From Rwanda, a lesson in forgiveness

Ethnic genocide survivor visits Balto. County pupils

November 11, 1999|By Lynn Anderson | Lynn Anderson,SUN STAFF

Dumbarton Middle School pupils got a lesson on ethnic genocide from a Tutsi survivor yesterday.

About 30 astonished members of the school's World Vision Club listened as Rwandan Augustin Ahimana recounted the slaughter of his family -- his mother, sister and brother -- at the hands of Hutu tribesmen.

"The hurt in my heart was so big after the tragedy and it felt so sad, that I felt I had to do something," said Ahimana, who was living in Zaire at the time his family was attacked.

Instead of fighting back, Ahimana avenged his relatives' death by starting a ministry of forgiveness in Rwanda with the help of World Vision, a Seattle-based organization that provides emergency relief, leadership training, education and community development in 92 countries.

Dumbarton's World Vision Club is a charter member of the parent group, which encourages students to raise money for poor youth and their families in the plywood ghettos of Latin America, mud huts of Africa and concrete apartment blocks of Russia.

Pupils at Dumbarton have been raising money -- with lollipop sales, help from parents and teacher volleyball matches -- for a decade. They will be honored as Maryland's 1999 Outstanding Middle School Youth Volunteers by the National Society of Fundraising Executives at an awards event at the Hyatt Inner Harbor on Monday. They will receive a check for $200 to donate to the charity of their choice.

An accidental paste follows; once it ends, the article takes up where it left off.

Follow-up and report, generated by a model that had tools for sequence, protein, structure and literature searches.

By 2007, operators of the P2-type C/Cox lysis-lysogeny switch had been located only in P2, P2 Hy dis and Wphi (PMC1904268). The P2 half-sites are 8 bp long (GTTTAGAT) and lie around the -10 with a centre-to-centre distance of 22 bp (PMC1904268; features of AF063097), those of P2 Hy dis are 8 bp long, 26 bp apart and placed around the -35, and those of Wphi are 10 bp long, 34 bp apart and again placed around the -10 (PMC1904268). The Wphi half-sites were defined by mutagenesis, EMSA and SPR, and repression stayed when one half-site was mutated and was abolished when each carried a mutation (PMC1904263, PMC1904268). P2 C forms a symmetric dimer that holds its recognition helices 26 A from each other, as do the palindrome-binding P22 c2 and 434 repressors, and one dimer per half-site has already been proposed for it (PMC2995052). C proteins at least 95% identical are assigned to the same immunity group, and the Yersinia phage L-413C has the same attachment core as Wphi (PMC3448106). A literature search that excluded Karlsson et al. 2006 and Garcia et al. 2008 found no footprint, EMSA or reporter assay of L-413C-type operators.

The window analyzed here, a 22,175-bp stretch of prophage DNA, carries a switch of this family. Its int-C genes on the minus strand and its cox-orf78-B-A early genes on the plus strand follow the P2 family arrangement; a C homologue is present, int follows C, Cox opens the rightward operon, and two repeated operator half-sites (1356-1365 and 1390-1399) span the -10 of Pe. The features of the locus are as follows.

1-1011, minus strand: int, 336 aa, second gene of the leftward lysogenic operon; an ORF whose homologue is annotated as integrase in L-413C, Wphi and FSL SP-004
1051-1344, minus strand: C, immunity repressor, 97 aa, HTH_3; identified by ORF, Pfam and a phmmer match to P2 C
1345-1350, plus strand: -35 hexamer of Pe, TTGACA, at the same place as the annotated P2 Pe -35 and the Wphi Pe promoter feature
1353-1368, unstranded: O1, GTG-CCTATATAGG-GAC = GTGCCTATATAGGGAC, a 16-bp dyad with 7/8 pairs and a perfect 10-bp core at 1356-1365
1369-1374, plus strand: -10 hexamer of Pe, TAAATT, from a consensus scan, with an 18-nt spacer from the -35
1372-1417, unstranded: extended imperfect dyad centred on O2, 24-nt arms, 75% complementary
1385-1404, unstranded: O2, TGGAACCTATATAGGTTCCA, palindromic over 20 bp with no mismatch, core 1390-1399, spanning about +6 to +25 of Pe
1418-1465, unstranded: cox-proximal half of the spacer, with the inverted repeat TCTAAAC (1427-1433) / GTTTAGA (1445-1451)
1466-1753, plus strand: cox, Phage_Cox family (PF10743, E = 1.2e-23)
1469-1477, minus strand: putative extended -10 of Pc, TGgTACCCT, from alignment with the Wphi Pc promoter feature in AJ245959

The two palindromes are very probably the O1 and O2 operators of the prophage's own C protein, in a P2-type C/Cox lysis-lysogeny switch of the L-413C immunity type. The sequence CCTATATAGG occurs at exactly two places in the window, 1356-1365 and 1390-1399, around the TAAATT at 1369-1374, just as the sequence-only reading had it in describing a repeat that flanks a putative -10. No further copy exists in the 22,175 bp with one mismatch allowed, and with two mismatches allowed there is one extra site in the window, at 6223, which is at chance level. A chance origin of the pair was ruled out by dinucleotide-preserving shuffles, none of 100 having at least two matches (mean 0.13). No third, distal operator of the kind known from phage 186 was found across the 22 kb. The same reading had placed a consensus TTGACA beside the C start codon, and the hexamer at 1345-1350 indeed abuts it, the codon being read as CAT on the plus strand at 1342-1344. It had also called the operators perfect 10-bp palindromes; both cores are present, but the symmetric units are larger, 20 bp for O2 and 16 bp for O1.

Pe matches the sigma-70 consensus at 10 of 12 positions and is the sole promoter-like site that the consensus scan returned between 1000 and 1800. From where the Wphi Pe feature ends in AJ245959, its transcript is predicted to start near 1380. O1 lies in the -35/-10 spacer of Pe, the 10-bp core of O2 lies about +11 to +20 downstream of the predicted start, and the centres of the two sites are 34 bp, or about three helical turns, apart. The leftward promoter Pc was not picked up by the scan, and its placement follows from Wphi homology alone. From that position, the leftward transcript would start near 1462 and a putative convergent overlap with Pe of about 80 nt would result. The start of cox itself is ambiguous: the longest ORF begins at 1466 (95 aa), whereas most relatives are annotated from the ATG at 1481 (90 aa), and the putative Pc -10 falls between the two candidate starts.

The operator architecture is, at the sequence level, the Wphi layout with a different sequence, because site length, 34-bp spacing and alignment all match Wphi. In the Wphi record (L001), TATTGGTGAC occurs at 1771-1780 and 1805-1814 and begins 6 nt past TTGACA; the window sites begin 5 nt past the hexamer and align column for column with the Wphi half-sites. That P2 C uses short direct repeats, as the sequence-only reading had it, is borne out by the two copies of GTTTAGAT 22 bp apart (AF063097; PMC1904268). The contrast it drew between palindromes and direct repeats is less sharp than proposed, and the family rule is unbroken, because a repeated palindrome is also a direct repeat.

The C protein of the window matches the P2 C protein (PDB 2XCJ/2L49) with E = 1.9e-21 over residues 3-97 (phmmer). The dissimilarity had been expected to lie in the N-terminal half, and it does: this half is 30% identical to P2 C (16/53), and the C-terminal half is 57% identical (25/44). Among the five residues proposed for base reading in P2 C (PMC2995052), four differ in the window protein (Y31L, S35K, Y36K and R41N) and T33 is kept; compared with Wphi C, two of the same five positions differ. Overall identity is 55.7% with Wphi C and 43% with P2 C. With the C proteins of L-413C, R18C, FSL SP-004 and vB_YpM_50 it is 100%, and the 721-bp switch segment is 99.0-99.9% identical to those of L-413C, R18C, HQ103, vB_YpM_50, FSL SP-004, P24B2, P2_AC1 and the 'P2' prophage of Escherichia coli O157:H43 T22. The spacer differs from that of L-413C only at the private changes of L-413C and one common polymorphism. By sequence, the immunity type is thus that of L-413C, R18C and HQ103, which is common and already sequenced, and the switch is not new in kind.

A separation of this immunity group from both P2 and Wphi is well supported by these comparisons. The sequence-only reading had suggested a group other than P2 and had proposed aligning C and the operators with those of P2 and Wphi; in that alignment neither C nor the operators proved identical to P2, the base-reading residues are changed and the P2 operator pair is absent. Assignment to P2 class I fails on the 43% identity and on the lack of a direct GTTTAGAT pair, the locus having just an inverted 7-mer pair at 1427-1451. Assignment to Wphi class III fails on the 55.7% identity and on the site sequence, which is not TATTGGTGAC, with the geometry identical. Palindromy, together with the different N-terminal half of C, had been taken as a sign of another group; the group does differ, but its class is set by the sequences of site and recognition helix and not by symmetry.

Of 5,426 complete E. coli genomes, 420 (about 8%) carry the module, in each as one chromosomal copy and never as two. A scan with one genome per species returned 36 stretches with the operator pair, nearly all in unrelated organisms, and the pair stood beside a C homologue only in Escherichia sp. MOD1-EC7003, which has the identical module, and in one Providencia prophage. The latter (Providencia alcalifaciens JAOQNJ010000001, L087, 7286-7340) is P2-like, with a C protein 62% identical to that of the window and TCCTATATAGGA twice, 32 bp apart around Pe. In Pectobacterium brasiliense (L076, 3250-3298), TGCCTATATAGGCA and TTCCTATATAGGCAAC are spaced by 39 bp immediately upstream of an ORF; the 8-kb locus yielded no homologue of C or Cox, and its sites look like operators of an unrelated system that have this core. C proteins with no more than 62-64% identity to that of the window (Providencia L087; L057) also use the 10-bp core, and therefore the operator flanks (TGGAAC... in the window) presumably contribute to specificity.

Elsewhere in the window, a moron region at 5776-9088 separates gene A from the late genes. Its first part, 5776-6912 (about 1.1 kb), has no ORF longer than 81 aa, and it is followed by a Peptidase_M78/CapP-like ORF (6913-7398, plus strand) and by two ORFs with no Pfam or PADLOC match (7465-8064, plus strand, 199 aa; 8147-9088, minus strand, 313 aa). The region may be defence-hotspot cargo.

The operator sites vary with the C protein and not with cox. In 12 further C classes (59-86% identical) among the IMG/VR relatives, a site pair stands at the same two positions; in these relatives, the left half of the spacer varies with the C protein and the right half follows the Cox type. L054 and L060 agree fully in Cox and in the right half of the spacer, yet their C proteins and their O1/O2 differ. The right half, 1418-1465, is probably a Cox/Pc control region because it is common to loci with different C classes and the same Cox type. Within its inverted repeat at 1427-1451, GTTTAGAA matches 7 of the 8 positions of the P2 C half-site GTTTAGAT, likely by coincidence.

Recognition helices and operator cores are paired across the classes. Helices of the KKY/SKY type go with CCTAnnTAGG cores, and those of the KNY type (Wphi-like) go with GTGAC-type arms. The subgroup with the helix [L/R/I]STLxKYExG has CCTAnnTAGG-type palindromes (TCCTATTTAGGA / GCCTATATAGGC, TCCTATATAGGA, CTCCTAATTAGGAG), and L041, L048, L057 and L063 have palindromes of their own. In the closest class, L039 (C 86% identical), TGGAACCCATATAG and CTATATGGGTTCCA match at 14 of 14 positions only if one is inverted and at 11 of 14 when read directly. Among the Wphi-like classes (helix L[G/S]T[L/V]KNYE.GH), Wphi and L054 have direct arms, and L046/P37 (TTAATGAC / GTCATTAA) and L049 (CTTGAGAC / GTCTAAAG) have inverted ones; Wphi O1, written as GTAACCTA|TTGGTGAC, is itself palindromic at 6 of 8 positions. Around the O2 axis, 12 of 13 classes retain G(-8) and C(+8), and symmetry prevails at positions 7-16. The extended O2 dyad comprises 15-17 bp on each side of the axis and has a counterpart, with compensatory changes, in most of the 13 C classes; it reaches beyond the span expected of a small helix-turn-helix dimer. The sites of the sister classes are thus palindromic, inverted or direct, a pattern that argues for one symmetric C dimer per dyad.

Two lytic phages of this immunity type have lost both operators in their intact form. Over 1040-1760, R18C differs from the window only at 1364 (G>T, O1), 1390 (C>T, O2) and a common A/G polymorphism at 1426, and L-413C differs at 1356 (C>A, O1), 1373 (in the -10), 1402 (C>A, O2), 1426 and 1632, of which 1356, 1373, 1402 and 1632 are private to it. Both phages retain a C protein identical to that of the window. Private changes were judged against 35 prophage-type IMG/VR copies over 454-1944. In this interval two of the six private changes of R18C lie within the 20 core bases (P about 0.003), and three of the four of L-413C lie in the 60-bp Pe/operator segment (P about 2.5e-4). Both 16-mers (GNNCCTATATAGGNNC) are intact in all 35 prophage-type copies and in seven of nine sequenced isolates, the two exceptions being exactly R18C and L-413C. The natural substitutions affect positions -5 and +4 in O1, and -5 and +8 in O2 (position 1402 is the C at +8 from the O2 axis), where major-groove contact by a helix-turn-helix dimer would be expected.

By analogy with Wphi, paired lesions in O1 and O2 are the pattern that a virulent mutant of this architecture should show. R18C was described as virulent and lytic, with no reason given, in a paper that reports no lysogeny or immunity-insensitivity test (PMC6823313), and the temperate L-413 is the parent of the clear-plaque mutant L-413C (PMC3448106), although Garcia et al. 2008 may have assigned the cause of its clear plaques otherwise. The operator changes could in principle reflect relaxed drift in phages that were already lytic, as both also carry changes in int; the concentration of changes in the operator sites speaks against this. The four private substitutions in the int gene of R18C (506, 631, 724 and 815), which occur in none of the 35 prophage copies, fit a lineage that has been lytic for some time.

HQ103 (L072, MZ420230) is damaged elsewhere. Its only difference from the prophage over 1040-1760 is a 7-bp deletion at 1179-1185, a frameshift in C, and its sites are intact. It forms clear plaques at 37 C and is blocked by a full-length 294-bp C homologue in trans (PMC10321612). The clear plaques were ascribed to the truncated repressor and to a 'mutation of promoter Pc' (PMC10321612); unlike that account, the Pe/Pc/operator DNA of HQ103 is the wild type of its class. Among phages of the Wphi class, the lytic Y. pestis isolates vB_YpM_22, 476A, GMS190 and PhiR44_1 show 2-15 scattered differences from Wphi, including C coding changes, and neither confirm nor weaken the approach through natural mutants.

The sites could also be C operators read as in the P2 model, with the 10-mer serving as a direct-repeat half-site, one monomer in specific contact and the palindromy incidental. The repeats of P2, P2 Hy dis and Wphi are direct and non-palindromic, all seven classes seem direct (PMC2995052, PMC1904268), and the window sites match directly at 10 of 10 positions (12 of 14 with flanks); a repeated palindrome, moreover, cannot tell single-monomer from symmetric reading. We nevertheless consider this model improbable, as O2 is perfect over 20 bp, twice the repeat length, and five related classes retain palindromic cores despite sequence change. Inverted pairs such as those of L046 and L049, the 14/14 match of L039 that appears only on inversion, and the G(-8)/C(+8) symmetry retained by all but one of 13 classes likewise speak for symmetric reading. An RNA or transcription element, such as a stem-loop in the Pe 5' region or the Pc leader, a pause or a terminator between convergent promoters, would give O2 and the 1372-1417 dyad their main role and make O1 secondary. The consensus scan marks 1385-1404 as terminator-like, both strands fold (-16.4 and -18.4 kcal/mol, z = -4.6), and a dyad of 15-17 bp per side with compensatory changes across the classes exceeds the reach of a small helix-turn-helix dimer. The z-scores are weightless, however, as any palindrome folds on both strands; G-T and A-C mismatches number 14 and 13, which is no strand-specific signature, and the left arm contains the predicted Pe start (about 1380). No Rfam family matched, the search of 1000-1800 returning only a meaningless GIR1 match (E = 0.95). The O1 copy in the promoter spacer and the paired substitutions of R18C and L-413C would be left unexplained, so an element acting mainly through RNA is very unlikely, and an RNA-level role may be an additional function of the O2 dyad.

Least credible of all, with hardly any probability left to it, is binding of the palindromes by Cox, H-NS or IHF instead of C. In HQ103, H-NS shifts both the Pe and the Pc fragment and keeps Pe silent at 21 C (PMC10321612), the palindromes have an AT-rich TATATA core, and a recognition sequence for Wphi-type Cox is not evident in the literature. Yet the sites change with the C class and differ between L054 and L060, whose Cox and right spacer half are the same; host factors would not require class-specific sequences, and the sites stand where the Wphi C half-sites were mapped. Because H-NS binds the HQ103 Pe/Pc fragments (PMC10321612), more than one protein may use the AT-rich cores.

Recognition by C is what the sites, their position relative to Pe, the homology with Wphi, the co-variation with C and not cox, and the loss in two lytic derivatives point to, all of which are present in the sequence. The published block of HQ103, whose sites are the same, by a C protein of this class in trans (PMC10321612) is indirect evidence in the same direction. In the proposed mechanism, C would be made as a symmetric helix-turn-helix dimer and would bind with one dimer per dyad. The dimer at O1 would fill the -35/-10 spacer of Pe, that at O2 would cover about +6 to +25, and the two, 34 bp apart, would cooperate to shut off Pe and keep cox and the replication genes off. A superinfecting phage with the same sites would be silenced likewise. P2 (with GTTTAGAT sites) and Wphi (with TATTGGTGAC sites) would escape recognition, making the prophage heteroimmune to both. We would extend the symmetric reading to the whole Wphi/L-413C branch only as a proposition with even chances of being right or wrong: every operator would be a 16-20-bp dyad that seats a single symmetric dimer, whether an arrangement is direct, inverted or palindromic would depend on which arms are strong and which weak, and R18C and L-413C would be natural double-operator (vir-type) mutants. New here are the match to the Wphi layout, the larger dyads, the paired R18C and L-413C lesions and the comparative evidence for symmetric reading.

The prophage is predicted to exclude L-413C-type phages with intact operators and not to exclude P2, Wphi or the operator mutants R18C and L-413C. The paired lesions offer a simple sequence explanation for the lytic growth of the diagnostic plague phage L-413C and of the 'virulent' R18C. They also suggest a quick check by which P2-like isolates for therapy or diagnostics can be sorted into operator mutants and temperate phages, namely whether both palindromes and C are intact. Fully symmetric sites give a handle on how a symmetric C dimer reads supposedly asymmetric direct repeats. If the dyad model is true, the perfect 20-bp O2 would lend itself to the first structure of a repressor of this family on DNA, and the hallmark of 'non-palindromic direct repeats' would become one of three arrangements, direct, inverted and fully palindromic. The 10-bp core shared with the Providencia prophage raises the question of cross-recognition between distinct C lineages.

Ahimana's visit to Dumbarton was part of the congratulations by World Vision. But perhaps the best "thank you" came from Ahimana.

"Your kindness, it humbles me," he told pupils.

Ahimana's lesson humbled Dumbarton pupils, in turn.

"If what happened to him happened to me, I would commit suicide," said eighth-grader Tiesha Washington, 13, of Towson.

For Ahimana, reaching out to the same people who slaughtered his family -- and buried some of them in an outdoor toilet -- was difficult. But his heart, and his belief in God, told him it was the right thing to do, he said.

For his wife, Claudine, whose first husband was killed in the genocide, it was unthinkable, Ahimana said.

"She really doubted me," Ahimana told the pupils who sponsor three children -- Yaneth in Bolivia, Kiang in Indonesia and Hemant in India -- with their fund-raising work.

Photos of the children sit on a window sill in Spanish teacher David Williams' classroom so that World Vision club members can see who they are helping. The pupils clearly want to make a difference.

"We have all this stuff like bikes and they don't even have enough food," said seventh-grader Brent Whittington, 12, of Towson.

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